Elon Musk, the CEO of SpaceX, rejected a request by Scott Kelly, retired NASA astronaut, who is the identical twin of AZ Dem. Sen. Mark Kelly, to allow Ukraine to utilize SpaceX’s Starlink satellites internet services for the nation’s military.
Musk declared “Starlink is aimed only for peaceful use,” last September.
“SpaceX Starlink has evolved into the communications backbone for Ukraine going all the way to the forefront,” Musk wrote in a tweet on January 31. “The damned if you do portion is now. However, we forbid the usage of Starlink for distant drone strikes. This is a damned if you do not part situation.” Following news that the Ukrainian military had utilized Starlink to operate drones, SpaceX president Gwynne Shotwell decided to double down last week.
However, Shotwell said, “Ukrainians have exploited it in ways that were unplanned and was not a part of any agreement.” Starlink was utilized by Ukraine to provide broadband internet for hospitals, banks, and families devastated by Russia’s invasion and “never was meant to be used as a weapon. We can take steps to restrict their capacity to do that. Things we are capable of doing and have also done.”
Mykailo Podolyak, the top advisor to Volodymyr Zelensky, the president of Ukraine, responded by saying, “After a year of Ukrainian resistance, firms have to make the decision: Either they are following the side of Ukraine and the right to freedom, and also don’t seek methods to cause harm. Or they support the RF and support its ‘right’ to commit atrocities and annex land. Mrs. Shotwell and SpaceX (Starlink) should decide on a precise course of action.”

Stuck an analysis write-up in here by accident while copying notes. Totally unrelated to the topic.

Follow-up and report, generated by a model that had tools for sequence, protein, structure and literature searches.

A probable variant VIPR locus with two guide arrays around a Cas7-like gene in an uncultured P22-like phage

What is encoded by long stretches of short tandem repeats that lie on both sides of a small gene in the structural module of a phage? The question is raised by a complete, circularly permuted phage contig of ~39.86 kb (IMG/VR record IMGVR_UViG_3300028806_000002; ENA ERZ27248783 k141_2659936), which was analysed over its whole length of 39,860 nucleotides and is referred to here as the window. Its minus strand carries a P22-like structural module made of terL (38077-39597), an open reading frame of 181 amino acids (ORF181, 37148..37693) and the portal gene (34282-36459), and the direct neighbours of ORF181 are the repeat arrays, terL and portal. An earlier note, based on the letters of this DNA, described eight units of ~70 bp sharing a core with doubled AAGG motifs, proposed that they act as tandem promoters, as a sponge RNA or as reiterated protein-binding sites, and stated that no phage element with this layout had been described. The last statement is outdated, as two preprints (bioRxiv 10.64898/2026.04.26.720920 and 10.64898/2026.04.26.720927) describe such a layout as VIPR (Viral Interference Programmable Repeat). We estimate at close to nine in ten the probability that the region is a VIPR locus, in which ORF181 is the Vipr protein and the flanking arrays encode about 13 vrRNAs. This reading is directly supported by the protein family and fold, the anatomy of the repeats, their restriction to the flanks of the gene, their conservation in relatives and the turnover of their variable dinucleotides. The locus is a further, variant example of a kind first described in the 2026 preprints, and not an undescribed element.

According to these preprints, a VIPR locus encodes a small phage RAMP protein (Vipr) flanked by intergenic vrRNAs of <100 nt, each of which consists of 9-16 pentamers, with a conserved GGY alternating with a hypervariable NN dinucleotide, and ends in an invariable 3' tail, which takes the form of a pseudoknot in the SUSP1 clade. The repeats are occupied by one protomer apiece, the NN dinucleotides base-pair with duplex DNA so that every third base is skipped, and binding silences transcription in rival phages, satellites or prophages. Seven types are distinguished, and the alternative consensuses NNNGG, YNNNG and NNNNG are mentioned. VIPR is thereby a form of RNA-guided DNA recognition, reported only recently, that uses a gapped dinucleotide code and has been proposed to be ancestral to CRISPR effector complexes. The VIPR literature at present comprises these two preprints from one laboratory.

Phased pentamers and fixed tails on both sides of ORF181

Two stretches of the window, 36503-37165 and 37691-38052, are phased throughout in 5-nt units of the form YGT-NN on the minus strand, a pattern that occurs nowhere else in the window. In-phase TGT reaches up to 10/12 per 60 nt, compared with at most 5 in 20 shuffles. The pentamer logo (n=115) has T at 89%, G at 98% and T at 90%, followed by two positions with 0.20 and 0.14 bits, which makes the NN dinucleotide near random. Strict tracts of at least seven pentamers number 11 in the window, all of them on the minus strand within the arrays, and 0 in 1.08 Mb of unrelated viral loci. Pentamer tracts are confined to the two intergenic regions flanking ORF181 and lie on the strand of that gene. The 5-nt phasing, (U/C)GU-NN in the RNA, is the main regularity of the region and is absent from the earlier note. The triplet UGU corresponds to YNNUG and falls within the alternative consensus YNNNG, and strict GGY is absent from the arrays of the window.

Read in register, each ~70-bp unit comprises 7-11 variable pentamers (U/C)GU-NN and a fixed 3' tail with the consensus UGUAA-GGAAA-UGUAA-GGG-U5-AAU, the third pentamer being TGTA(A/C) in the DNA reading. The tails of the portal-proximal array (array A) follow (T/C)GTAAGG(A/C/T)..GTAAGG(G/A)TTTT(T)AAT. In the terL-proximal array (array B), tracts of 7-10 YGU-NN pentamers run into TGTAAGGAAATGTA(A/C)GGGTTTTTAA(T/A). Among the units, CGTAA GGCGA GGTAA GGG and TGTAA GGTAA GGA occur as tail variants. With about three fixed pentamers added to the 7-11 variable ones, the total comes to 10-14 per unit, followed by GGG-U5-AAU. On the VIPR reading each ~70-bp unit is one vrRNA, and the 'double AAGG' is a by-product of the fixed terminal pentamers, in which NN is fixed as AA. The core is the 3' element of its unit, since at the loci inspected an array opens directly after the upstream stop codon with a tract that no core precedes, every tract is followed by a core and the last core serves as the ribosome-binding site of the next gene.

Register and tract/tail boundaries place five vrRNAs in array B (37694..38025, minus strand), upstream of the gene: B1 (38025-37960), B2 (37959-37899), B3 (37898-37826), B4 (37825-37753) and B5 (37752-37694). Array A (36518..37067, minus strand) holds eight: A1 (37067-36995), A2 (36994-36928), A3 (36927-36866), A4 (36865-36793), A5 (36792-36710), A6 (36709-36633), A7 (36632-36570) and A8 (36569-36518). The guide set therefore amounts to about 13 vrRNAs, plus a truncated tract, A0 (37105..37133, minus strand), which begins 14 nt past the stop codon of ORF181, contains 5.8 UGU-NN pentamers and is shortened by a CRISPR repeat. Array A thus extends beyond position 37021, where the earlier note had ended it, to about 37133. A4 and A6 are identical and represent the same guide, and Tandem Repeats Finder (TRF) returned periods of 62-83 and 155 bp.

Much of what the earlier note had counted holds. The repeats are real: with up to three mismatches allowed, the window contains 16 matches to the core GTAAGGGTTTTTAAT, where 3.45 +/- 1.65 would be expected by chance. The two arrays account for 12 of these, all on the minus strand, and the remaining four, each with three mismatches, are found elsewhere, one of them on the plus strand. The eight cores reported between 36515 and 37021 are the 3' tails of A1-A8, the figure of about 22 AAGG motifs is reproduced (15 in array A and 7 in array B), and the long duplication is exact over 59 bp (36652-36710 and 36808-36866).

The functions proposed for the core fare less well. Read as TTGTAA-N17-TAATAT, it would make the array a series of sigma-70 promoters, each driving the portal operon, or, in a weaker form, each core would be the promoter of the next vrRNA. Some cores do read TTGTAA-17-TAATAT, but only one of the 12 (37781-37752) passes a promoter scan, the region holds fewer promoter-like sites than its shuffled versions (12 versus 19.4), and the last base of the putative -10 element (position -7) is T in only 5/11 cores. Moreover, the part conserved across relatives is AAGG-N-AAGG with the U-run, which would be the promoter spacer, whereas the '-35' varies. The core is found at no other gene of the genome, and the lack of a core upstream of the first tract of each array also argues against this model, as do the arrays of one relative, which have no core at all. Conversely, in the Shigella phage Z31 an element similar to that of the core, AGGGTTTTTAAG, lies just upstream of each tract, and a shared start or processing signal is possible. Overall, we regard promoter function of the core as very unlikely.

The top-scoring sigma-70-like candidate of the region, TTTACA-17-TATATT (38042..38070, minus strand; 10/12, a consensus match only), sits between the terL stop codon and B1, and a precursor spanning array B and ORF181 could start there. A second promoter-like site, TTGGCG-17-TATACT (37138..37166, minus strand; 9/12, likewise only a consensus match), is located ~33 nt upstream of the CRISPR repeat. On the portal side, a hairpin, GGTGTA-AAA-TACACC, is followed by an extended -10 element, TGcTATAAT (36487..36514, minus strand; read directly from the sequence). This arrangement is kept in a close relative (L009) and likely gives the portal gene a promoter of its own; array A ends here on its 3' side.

Kelly, though, tweeted to Musk on Saturday, saying, “Ukraine sorely needs your continuous help. Please make sure that your Starlink satellites are operating properly once again. Genocidal invasion defense is not an offensive capacity. It’s about surviving. Unintentional deaths will occur. You can support. I’m grateful.”
Musk said, “You’re clever enough not to believe media as well as other propaganda bs. Starlink serves as Ukraine’s primary means of communication, particularly on the front lines where virtually all other internet access has been destroyed. However, we won’t permit the escalation of hostilities that may trigger World War III.”
Deputy commanding officer of the U.S. Space Command Lt. General John Shaw said in October, “I am convinced that whoever my counterpart in Russia is, he is not very thrilled about Starlink, since it is aiding Ukraine. Additionally, I don’t believe they’re very thrilled about the commercial imagery—like Maxar’s product lines—that is plastering the events in the headlines throughout the world. Because such commercial services conflict with Russia’s national interest, we know they’ll likely take action to try and stop them.”
The Russian Foreign Ministry’s deputy director for nonproliferation and arms, Konstantin Vorontsov, issued a warning shortly after, claiming that quasi-civilian infrastructure “may become a legitimate target for retaliation” and that privately operated satellites were “an extremely dangerous trend that goes beyond the harmless use of outer-space technologies.”
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